As the summer went on, the level in the freezer sank.  Mrs. Wilson began to fret what might happen when Mrs. Branston finally said "That's it, my dears, I'm off to Californ-ee-ay".  A bit of luck came her way out of the blue when an elderly uncle of her departed husband came to visit.  After Charlie had been sent out to play he said,  "Herb's a fool, and there's no cure for that, but I want you not to have to suffer for his foolishness."  She didn't know what he meant until a check showed up with a note "My bank will send this every month until you get on your feet.  You're not depriving anyone, I've no children of my own and will take it kindly if you let a crabby old lawyer help."

The never-ending supply of bones and meat from next door didn't seem about to stop, and Mrs. Wilson didn't want to hurt Mrs. Branston's feelings by refusing the generous gift, so Charlie continued her evening visits.  Having extirpated the hated dandelions, she got a start on the chickweed and other uninvited garden guests. 

Rags caught a mouse in Mrs. Branston's garden shed, which earned him an extra bone that night.  Mrs. Branston called him Nimrod, and explained to Charlotte that that meant he was a mighty hunter.

One day as Fall was approaching, Matilda Branston said to Charlotte, "Well, I'm almost all packed up.  Mr. B. has a job and he's found us a nice apartment, so I'll be off to Californ-ee-ay soon.  This is the last of the meat.  Do you suppose your mother would like to have the freezer?  It's old but it runs really well.  I don't think I'd get much money for it, and I'd like you folks to have it.  You've made a lonely old lady happy."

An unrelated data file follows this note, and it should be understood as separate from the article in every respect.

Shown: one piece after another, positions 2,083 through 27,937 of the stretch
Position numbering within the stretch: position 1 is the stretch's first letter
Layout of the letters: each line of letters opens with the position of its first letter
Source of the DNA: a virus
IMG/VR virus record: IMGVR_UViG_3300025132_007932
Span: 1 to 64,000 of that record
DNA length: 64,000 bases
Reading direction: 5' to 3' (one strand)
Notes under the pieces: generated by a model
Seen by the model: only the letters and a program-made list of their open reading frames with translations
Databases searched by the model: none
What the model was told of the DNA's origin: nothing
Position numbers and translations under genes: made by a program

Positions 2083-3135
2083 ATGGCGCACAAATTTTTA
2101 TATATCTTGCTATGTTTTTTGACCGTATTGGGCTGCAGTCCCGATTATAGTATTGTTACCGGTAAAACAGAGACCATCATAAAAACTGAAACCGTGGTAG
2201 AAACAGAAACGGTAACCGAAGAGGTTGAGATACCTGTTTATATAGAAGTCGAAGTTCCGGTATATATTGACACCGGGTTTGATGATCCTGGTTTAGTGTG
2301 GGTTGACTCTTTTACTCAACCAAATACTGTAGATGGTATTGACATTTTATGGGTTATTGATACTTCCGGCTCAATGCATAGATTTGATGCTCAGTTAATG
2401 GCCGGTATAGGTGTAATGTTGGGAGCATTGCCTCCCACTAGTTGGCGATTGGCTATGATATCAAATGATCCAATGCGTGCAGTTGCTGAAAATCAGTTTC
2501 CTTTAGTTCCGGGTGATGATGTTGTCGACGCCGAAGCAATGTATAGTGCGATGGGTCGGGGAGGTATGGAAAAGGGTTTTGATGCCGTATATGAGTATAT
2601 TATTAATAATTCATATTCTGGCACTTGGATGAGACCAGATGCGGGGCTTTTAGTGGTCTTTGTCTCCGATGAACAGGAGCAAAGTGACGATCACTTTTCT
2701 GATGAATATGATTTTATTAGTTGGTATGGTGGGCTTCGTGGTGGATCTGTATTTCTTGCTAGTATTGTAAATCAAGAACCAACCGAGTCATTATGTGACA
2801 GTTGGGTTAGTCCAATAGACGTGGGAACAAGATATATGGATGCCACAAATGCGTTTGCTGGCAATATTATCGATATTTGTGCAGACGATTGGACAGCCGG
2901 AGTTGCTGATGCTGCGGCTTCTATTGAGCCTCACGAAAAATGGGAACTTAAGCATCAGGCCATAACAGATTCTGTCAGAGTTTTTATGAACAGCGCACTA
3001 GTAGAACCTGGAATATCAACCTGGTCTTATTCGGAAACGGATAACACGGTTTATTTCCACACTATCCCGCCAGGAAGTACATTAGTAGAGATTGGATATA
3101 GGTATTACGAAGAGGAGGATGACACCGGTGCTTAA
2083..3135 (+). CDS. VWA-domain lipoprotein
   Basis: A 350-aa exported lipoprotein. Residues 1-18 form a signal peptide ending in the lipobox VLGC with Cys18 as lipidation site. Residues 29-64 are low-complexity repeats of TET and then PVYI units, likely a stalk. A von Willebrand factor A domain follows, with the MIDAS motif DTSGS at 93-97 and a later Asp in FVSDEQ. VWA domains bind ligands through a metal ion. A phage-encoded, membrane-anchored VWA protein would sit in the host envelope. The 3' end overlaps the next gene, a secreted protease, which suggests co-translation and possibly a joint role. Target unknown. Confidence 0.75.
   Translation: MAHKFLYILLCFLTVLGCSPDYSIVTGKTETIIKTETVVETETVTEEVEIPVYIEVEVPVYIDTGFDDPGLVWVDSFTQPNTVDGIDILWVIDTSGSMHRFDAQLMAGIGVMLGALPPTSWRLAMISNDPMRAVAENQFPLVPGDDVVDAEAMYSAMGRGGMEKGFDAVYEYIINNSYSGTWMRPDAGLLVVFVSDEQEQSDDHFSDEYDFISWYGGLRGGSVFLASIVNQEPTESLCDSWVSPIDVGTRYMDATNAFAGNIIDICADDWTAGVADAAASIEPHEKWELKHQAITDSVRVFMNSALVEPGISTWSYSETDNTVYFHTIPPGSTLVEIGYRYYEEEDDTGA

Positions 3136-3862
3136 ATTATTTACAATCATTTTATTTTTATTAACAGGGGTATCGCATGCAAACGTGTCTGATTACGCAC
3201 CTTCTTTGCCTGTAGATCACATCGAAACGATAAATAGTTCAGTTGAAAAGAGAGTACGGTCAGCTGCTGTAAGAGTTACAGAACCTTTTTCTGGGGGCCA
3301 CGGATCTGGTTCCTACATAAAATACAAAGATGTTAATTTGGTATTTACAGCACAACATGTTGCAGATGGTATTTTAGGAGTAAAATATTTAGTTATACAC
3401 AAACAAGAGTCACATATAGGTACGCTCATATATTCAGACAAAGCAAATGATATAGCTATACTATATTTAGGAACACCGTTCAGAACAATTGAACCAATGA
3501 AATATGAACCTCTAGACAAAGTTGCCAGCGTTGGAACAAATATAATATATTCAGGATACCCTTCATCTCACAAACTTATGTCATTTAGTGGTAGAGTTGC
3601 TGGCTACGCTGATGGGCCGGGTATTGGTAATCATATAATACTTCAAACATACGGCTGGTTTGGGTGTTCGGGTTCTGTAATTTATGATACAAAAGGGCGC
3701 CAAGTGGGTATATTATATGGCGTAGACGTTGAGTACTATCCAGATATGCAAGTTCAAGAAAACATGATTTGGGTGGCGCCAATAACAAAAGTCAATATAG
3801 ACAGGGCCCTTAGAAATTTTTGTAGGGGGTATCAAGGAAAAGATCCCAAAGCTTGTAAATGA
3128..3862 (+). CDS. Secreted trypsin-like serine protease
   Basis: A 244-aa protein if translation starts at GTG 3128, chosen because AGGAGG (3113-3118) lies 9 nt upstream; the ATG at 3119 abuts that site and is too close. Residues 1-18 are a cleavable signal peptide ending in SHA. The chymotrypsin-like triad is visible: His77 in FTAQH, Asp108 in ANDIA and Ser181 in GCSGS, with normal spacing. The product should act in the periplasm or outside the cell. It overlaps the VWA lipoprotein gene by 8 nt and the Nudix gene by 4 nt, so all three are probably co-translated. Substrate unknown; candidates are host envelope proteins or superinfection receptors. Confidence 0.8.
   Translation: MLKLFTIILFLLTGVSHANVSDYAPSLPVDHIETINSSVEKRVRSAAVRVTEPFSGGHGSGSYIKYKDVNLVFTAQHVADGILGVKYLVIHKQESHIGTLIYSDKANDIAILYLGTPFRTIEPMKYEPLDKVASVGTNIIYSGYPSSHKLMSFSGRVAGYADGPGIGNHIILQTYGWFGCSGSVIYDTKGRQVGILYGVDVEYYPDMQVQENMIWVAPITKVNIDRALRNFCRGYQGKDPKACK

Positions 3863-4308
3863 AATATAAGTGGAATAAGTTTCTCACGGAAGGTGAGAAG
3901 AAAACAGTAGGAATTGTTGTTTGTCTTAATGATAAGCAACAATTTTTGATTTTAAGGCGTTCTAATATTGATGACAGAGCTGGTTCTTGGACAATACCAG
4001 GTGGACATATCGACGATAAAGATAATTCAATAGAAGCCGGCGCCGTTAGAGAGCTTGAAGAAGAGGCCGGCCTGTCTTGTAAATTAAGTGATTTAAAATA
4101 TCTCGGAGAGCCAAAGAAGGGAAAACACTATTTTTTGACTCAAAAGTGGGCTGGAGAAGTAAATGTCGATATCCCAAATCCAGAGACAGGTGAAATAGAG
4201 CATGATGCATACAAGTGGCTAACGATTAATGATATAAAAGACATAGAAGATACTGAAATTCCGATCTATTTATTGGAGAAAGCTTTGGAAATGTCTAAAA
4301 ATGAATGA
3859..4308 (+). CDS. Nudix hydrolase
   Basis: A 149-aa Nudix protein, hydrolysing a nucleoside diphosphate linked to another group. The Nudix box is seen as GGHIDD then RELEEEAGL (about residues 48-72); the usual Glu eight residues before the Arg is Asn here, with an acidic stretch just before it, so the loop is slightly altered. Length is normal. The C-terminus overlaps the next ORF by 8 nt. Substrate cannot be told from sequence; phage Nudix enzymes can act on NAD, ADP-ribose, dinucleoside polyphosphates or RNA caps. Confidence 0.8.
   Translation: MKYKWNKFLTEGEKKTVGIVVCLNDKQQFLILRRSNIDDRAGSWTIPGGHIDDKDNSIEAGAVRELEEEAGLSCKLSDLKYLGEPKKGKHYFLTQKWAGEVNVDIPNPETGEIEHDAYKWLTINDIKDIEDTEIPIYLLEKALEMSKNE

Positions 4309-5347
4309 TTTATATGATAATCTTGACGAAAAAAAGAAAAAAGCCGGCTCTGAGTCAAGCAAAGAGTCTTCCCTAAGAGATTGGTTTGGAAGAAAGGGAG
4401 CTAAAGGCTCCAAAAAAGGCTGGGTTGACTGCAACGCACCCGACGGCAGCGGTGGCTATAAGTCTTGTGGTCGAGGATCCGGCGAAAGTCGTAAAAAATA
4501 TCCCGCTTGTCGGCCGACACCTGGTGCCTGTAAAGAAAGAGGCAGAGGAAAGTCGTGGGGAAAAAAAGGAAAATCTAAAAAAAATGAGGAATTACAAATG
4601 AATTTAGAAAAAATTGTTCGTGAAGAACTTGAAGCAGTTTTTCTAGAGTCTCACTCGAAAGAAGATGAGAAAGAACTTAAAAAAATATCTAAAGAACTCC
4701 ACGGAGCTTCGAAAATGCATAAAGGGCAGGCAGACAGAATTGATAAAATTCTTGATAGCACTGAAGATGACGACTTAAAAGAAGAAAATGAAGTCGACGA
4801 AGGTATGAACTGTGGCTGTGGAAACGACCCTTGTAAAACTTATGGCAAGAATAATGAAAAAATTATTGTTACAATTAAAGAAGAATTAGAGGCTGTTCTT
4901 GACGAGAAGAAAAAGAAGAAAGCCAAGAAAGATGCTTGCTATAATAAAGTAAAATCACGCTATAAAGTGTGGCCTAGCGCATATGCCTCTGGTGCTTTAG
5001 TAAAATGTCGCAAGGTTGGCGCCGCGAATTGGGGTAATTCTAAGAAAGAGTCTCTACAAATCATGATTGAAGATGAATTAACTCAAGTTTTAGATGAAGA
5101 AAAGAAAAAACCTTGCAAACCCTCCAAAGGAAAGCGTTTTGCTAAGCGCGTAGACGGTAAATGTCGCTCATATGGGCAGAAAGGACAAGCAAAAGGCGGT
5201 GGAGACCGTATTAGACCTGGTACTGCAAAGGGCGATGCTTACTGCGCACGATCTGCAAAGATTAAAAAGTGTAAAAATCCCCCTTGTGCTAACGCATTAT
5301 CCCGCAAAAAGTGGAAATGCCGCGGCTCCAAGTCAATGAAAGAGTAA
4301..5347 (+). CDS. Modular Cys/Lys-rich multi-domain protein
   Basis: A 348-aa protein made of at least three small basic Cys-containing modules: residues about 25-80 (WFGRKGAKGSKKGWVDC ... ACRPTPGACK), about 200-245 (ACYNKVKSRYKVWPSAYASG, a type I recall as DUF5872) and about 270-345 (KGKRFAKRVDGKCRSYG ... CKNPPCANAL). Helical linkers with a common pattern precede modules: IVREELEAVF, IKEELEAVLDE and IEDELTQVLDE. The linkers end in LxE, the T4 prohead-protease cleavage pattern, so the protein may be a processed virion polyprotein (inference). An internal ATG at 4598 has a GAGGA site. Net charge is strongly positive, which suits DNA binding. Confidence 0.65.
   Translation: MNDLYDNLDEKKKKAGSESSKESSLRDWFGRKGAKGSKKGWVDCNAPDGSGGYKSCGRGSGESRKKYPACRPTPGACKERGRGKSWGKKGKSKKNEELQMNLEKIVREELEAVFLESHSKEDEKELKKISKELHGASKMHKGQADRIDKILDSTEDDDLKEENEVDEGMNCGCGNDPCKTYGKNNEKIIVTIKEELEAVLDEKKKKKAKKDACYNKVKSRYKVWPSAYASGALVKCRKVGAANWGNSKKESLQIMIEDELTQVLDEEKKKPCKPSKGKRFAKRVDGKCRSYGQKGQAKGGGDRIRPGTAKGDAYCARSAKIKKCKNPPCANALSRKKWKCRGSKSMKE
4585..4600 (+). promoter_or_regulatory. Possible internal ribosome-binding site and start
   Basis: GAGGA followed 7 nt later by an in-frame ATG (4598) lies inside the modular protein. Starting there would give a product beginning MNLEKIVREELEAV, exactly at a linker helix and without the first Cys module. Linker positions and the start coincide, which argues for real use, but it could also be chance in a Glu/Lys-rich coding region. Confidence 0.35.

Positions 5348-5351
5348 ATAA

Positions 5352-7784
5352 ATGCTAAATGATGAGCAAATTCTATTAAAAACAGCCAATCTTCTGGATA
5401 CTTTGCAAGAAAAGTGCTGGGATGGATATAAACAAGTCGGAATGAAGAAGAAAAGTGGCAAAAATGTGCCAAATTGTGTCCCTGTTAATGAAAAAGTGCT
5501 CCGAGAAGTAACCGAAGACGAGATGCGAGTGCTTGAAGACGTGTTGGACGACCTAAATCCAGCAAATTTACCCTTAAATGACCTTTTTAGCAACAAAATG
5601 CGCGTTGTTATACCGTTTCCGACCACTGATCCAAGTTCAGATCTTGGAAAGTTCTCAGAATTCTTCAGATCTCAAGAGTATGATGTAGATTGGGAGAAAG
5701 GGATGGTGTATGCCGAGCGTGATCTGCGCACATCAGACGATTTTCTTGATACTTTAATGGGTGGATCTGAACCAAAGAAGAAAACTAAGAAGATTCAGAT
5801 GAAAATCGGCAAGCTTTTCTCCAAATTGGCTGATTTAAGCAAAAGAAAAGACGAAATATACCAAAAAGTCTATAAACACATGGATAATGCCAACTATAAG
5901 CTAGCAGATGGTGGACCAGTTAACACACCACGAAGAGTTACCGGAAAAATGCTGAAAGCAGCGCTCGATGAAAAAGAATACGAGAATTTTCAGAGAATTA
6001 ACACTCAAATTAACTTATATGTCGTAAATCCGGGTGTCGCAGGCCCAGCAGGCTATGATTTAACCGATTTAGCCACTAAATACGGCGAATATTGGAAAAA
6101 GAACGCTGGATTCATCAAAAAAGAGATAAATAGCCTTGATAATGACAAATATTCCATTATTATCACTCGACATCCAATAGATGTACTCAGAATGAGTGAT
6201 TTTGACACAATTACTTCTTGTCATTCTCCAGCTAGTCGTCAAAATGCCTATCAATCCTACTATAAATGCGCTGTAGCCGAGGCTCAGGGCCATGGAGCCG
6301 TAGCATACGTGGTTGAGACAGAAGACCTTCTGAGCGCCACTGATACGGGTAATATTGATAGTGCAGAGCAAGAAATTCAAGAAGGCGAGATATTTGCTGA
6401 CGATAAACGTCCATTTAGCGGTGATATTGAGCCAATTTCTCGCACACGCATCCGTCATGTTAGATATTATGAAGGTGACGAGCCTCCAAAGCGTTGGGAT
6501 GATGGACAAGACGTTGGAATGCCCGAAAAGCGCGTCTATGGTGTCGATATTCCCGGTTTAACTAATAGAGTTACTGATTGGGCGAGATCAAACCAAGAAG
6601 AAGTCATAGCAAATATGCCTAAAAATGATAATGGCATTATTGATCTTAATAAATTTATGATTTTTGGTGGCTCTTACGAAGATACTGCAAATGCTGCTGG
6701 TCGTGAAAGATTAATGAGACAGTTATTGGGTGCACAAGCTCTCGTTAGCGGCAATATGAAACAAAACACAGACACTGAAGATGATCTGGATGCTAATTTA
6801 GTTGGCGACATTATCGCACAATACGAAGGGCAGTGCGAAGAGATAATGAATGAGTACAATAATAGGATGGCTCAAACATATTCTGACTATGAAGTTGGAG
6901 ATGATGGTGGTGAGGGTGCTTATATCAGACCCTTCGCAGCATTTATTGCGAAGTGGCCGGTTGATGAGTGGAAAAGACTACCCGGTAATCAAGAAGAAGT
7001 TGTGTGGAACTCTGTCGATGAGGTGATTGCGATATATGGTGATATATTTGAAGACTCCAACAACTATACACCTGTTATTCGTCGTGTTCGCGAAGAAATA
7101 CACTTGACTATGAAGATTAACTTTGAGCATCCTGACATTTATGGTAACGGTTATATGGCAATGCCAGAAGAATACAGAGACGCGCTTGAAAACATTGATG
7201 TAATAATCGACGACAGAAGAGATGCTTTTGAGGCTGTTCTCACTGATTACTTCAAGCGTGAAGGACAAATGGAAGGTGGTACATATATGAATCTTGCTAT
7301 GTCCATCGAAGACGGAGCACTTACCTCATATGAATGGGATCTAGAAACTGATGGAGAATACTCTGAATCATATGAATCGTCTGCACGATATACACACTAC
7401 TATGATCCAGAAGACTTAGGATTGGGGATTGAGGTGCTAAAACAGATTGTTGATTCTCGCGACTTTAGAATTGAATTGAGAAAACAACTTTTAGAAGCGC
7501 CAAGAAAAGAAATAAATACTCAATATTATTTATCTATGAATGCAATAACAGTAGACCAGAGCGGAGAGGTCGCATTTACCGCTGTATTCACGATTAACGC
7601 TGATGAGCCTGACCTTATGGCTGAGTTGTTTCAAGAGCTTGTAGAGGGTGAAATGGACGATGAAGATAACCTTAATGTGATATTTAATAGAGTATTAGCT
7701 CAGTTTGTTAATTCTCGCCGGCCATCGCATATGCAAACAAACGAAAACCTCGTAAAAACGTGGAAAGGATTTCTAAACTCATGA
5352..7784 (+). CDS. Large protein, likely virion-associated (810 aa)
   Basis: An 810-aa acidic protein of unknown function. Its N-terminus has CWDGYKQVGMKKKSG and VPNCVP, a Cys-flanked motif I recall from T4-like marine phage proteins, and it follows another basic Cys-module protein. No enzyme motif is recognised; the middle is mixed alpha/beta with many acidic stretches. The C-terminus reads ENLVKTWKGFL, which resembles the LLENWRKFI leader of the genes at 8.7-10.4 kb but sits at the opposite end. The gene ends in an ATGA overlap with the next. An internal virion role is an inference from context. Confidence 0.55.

Charlie reported this conversation to her mother, who said "Well, I'd have to pay her something for it, I couldn't just take it, not after all she's done for us."

In the end, Mrs. Branston was persuaded to accept twenty dollars.  When the movers came to take away her furniture, she had them take the freezer to Mrs. Wilson.  The house was already sold, a complicated process that she said had required papers to be sent back and forth to Mr. Branston in California.

After the movers had gone, Mrs. Wilson had Matilda over for a final cup of tea.  "We'll miss you, Charlie and Rags and I.  Especially Rags, I think."